vectorizer = joblib.load(path + 'vectorizer.pkl')  
classifier = joblib.load(path + 'classifier.pkl')  
pca = joblib.load(path + 'pca.pkl')  
word2vec = Word2Vec.load(path + 'word2vec.pkl')  

Finally, we’ll create some helper functions that use these models to classify the sentiment of a tweet and transform a tweet into 2D coordinates.

def classify_tweet(tweet):  
    """
    Classify a tweet with either a positive (1) or negative (0) sentiment.
    """
    pred = classifier.predict(vectorizer.transform(np.array([tweet.text])))

    return str(pred[0])


def vectorize_tweet(tweet):  
    """
    Convert a tweet to vector space using a pre-trained word2vec model, then transform
    a sum of the vectorized words to 2-dimensional space using PCA to give a simple
    2D coordinate representation of the original tweet.
    """
    tweet_vector = np.zeros(100)
    for word in tokenize(tweet.text):
        if word in word2vec.vocab:
            tweet_vector = tweet_vector + word2vec[word]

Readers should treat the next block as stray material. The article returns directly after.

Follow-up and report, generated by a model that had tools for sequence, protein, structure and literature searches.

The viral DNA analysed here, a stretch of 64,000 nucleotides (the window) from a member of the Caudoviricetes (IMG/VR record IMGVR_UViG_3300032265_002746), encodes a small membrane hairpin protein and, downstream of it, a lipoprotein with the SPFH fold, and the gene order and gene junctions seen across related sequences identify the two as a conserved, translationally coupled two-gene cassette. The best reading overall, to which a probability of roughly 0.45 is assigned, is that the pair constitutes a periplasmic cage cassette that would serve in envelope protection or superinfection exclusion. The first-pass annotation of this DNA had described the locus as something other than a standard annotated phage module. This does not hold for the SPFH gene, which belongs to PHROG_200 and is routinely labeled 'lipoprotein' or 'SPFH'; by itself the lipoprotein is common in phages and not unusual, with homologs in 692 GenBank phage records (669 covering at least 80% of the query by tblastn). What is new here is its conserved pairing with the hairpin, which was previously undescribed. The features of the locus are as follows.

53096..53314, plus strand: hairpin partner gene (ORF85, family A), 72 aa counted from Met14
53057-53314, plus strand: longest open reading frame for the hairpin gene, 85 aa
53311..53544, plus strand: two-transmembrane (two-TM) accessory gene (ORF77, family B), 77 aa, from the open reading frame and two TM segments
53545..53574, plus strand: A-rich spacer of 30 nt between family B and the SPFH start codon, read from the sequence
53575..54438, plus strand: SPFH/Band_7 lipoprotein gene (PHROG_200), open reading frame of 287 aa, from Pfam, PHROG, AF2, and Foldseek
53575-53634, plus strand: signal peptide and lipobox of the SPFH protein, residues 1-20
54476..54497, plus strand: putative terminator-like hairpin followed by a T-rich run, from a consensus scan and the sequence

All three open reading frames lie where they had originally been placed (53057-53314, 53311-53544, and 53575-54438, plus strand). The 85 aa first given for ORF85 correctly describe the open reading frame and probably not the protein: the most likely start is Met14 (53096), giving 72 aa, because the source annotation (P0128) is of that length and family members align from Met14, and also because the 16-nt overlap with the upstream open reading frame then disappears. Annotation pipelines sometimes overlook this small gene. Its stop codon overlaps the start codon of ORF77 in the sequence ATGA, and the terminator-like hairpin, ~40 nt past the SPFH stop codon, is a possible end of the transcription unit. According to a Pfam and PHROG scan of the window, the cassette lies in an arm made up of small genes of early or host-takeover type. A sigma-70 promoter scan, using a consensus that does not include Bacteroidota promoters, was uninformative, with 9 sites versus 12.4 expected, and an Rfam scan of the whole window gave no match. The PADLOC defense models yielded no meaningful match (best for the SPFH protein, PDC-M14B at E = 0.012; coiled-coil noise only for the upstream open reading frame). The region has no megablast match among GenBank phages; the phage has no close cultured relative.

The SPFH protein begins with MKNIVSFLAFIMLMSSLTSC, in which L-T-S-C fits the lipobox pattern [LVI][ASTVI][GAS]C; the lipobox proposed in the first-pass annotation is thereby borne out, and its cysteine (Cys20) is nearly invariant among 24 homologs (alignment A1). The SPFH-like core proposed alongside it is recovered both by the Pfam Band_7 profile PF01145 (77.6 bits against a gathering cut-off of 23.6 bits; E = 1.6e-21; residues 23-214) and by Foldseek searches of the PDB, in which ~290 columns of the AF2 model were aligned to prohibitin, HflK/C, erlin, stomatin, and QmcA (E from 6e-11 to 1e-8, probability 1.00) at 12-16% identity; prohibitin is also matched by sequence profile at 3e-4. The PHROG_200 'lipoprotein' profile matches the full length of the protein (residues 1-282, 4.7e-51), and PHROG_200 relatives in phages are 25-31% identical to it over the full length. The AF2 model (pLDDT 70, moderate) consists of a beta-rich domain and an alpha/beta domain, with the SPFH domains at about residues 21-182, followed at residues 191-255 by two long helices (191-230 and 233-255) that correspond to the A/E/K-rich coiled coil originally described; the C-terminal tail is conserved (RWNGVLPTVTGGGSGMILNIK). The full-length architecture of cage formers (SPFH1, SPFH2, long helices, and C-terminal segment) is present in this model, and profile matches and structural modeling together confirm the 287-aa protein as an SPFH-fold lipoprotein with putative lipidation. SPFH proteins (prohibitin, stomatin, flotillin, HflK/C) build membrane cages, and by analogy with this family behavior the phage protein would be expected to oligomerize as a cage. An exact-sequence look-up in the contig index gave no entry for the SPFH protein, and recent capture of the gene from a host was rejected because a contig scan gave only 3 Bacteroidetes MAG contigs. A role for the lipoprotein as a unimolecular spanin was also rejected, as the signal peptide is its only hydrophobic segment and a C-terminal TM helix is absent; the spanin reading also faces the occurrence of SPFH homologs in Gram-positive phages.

components = pca.transform(tweet_vector)
    x = components[0, 0]
    y = components[0, 1]

    return str(x), str(y)

Flask Routes

The server code handling web requests is very simple, in fact there are only two routes.  The first one is the root path and just returns the main page ("index.html").

@app.route('/', methods=['GET'])
def index():  
    """
    Route that maps to the main index page.
    """
    return render_template('index.html')

The second route accepts an input phrase and initiates a task chain that will kick off a stream of tweets from the Twitter firehose that match the input phrase.

@app.route('/twitter/<phrase>', methods=['POST'])
def twitter(phrase):  
    """